Here’s another book that I pulled out of the drugstore’s Big Bin of Slightly Older Comics. I honestly couldn’t tell you what possessed me to purchase it–i wasn’t really following either Spider-Man or Iron Man at the time. Perhaps I was inspired by having earlier read issue #57. But either way, pick it up I did. That cover is really cluttered and awkward, a good example of what was wrong with the cover approach in this period, I think. Not only do logos take up a solid third of the image area, but there are also two separate blurbs. On top of which, the composition itself is awkward and doesn’t silhouette well. From any sort of a distance, you could read the logos on this cover but really nothing else.
This issue was the end of a four-part storyline, an absolute epic in these days–and one which introduced the well-remembered Spider-Man supporting character Jean DeWolff (whom Peter David would years later kill off in a memorable storyline.) We open in a courtroom, where Iron Man and, surprisingly, Doctor Strange (who was the TEAM-UP guest star in the previous issue) are preparing to give testimony concerning the Wraith, the super-criminal who’d been running through this entire story. He’d been caught and unmasked as the mindless Brian DeWolff under the mental dominance of his father, Phillip DeWolff. Now, the heroes are trying to get Brian off for the crimes committed while under his father’s control.
Peter Parker and J. Jonah Jameson are also in attendance for this hearing in order to gather news for the Daily Bugle. There’s a whole lot of stage-setting that goes on here–not so much in the way of bringing new readers up to speed as it is to dramatize the unorthodox manner in which this hearing is being put together–but eventually, we start to get down to the nitty-gritty. Iron Man’s dampening helmet prevents Phillip DeWolff from making contact with his son’s dormant mind, but it apparently can’t prevent him from taking over the psyche of the nearby SHIELD Agent tasked with overseeing it. And so, in moments, the helmet is unplugged from its power source, allowing Phillip to activate the Wraith once again.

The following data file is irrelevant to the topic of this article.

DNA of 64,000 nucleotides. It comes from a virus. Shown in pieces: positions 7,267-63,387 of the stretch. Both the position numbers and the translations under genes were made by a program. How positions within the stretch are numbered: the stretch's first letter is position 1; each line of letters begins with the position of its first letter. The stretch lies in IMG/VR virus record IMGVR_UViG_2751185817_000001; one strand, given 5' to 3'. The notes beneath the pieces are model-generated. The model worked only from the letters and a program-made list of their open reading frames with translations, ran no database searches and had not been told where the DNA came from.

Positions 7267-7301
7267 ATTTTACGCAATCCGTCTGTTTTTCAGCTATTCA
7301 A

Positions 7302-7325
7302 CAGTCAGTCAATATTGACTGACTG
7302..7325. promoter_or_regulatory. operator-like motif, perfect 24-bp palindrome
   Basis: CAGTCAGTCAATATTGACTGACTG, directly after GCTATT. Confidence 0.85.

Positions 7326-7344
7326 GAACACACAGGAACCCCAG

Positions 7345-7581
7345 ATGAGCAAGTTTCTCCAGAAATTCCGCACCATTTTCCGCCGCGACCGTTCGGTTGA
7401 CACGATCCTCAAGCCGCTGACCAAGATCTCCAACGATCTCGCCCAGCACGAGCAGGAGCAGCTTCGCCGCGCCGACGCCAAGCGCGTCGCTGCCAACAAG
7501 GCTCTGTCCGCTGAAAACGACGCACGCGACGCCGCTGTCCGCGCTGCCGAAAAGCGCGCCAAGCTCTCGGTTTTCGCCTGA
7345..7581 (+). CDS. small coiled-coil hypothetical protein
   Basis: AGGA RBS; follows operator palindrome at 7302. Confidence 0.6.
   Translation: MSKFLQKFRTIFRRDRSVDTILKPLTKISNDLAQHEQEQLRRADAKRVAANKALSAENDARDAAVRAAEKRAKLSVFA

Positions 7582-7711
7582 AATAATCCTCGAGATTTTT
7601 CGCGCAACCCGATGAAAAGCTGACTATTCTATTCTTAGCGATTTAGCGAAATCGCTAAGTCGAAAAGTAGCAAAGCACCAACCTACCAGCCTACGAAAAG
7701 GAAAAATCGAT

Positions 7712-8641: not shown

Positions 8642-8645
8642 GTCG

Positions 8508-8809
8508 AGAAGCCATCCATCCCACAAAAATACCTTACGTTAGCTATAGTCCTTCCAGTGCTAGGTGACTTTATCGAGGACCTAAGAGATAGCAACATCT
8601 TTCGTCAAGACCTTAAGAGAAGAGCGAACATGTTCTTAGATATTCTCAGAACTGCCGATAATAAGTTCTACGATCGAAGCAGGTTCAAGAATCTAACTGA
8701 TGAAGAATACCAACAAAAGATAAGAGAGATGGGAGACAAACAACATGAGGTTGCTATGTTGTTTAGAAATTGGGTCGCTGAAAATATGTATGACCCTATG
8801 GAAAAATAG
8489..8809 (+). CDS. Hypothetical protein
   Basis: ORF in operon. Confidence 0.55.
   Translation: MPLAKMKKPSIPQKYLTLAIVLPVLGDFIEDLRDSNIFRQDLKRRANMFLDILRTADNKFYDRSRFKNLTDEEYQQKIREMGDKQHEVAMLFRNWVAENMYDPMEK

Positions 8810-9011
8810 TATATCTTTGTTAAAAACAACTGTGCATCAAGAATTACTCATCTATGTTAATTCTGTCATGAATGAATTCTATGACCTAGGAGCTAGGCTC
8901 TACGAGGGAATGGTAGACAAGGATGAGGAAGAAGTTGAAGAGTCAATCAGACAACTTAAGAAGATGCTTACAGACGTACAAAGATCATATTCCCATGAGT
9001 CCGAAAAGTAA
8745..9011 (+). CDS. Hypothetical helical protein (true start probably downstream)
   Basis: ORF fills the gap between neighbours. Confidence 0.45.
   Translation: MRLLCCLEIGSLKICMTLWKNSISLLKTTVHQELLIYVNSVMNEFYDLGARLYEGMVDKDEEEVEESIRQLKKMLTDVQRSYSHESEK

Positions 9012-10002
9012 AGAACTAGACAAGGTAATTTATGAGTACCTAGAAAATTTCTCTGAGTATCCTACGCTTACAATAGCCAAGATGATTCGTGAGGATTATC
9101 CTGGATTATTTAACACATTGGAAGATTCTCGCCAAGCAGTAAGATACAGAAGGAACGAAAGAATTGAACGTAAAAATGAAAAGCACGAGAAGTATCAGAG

The Wraith lets out with a mindblast that flattens just about everybody in the courtroom. But then, he and his father get zapped when he comes into contact with a live electrical cable, the end result of which is that Phillip’s mind winds up inhabiting the Wraith’s body. Spidey gets involved in the fight that breaks out, but he’s not much use against the Wraith’s mind-tricks, and Dr Strange and Iron Man appear similarly stymied. It’s not a great showing from these guys especially. The Wraith is able to plant illusions in the minds of his targets, and he soon has the trio of super heroes fighting a giant stone monster that only exists in their imaginations.
Nick Fury is remotely plugged into events as well, and he can see through the video that the good guys are battling it out with empty air. But he’s got no way to let them know tat’s what’s going on from his remote location. While Spider-Man and Doctor Strange attempt to corral the unreal monster, Iron Man takes the fight to the Wraith himself–but as tended to happen a lot in Shell-Head’s stories in this period, the Wraith’s psychic assault takes its toll on Tony Stark’s injured heart, and down he goes. Jean DeWolff pleads with her brother to stop his attack, but it’s the voice of her father that answers her through his body, telling her no way.
But the tide of battle turns as the three super heroes get their acts together, and it isn’t long before the Wraith is knocked out by a blow from Iron Man. With that done, the hearing reconvenes–and Doctor Strange attempts to mystically and surgically repair the damage done to Brian DeWolff’s body when he was shot years before. Despite his injured hands, Strange is able to remove the bullet fragment lodged in Brian’s spine, and DeWolff makes a sudden recovery as a result, his mind no longer dormant nor under his father’s control. But still they need to answer for the Wraith’s crimes.
After a bit of testimony from momentary guest-stars Professor X and Moondragon, the judges reach their verdict, finding Brian innocent of all charges against him, but his father Phillip guilty. As he’s led away, Phillip rails against the unjustness of this conviction. And so this four-part saga comes to a close, not with a bang but with a trial. And as the heroes separate, it’s suggested that Brian DeWolff might continue to use the powers of the Wraith (which he still possesses) as a force for good. Nothing much ever came of this idea, but as I mentioned earlier, Jean DeWolff did go on to become a recurring figure in the Spider-Man titles whenever an NYPD officer was needed in a story. There’s also a weird coda in which one of the judges displays telekinetic powers, revealing that they had no choice but to accept the account of Phillip DeWolff’s own similar abilities as a result. It’s an odd beat–I don’t know if these were established characters or something new, but it’s a strange note to go out on.